Loads of Learned Lumber

Saturday, October 1, 2016

Erik Campbell, _The Corpse Pose_

IT HAS BEEN ten years since Campbell's previous (and first) collection, Arguments for Stillness, and in the interval he has apparently seen some serious reverses; several poems are about the death of his father and quite a few are about a divorce precipitated by his former wife's infidelity. (There are no poems about the death of Sandy Taylor, founder of Curbstone Press, who published Campbell's first book, but that event too probably played a part in the long wait for the second.)

Plenty of bad news, then, and even the somewhat more upbeat, highly colored poems written when he was still married and living in Papua New Guinea are gathered in a section titled "Canaries in the Mine," as though hinting that already the oxygen was getting thin.

The good news, though, is that the poems are stronger, more varied, tonally and emotionally more complex, and equal to the losses they address. It is exactly the kind of second collection one hopes to see after a promising debut.

The playfully sardonic humor that was the characteristic note of Arguments for Stillness has not entirely gone away--here it appears most often in the several poems featuring the minutes of meetings of the Village Green Preservation Society, in which the League of Young Curmudgeons imagined in the Ray Davies song take on such topics as recent elections and the Kool-Aid Man. Traces of it appear as well in poems like "The Sorrow of the Cold War Re-Enactor" ("Everyday the battlefield is everywhere") or "One Day the Kids Were All Reading Books about Zombies" ("imagine a zombie / being interviewed on the  red carpet: / 'Is that decay you're wearing?'").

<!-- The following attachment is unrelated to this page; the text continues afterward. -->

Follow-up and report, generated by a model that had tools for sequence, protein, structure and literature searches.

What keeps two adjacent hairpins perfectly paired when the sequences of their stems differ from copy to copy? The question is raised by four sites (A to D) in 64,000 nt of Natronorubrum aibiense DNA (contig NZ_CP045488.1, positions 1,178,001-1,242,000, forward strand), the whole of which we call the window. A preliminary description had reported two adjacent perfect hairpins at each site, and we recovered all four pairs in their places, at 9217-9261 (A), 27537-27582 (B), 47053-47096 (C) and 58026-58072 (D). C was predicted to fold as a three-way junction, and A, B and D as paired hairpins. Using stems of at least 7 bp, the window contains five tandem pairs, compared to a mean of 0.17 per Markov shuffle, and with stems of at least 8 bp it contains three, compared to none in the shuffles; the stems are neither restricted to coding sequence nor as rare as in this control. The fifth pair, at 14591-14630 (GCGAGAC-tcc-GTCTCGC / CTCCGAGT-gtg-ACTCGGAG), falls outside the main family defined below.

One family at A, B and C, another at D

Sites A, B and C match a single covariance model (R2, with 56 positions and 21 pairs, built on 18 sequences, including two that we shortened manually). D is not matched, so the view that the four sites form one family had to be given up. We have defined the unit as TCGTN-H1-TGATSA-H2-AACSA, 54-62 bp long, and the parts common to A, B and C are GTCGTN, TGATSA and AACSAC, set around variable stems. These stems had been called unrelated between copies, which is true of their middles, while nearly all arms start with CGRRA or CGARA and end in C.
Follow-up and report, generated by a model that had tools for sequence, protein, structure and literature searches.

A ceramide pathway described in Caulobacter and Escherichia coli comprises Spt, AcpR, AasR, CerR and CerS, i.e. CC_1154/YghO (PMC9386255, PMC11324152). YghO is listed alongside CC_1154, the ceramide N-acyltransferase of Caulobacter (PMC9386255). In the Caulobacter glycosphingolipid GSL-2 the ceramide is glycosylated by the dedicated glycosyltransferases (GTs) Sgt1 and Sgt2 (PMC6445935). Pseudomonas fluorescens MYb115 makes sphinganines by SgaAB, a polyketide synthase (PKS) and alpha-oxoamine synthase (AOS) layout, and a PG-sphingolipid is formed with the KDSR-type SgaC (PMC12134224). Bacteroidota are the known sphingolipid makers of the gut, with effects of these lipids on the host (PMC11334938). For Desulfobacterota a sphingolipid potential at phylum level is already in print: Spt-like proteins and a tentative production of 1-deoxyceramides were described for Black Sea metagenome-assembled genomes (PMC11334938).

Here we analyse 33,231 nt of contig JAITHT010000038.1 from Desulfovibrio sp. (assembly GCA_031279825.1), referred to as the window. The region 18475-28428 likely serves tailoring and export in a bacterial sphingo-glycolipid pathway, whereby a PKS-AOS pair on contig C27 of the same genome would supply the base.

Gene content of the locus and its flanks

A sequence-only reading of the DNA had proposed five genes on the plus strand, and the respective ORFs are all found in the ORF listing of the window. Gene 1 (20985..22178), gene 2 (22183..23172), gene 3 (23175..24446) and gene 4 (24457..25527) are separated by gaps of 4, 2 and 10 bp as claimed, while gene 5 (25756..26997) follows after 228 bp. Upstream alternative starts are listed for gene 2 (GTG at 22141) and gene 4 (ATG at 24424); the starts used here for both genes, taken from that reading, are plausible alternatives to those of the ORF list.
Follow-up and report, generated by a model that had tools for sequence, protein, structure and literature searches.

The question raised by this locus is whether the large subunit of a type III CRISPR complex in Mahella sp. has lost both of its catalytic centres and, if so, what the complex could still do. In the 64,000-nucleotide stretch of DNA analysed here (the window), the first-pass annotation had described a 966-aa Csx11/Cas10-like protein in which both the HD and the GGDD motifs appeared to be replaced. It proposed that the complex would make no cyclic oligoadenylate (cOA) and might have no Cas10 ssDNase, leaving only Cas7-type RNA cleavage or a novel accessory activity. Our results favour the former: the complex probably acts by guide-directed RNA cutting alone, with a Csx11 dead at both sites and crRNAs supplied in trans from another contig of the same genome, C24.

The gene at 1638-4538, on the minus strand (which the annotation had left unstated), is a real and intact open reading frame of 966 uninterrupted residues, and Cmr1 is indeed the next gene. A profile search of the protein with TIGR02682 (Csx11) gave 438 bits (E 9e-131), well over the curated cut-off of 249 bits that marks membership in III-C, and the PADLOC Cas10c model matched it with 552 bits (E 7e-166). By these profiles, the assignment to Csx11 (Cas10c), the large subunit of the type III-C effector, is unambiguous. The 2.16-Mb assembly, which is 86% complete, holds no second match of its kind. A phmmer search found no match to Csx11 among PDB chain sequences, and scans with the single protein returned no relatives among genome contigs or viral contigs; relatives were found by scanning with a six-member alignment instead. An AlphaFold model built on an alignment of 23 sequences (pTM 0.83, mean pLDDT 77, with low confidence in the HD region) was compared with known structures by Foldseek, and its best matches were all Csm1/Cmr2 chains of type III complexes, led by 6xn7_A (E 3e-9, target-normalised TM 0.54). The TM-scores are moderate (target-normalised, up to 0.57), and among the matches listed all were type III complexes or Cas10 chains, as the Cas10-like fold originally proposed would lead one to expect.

The humor now has shadows and hauntings, though. One of the best poems, "Things Nabokov Knew" is about the presence of what could not quite be uttered lying under the perfectly enameled surface of the prose: "So much was hidden in / the hired rooms of paragraphs."

The poems about the most painful memories--one says this with a little reluctance, because of what they must have cost--are probably the strongest. Sometimes they remind one of the trimmed-to-the-bone ironies of Dickinson:

There will be a life
you did not choose;

it will include
many rooms.

There will be a room
you will not leave;

it will be a room
you did not choose.

The poems about the end of the marriage describe psychological turmoil with an almost eerie calm, the syntax negotiating the bends of the enjambments in always surprising, always telling ways.

I was surprised she recognized the allusion,
but it does explain the why behind the crisis

team standing in my living room at 2 a.m., 
trying to give me a raison d'ĂȘtre.

In yoga, the "corpse pose" is performed lying stretched out on one's back. "Like all things practiced," one poem tells us, "it seems simple but isn't." Poetry like Campbell's can seem simple, as in the loosely-stitched "A Partial Summary" (reminiscent, for me, of James Schuyler), or its conversational just-sayin' rhythms, or its frequent invocations of Bruce Willis. But it isn't.

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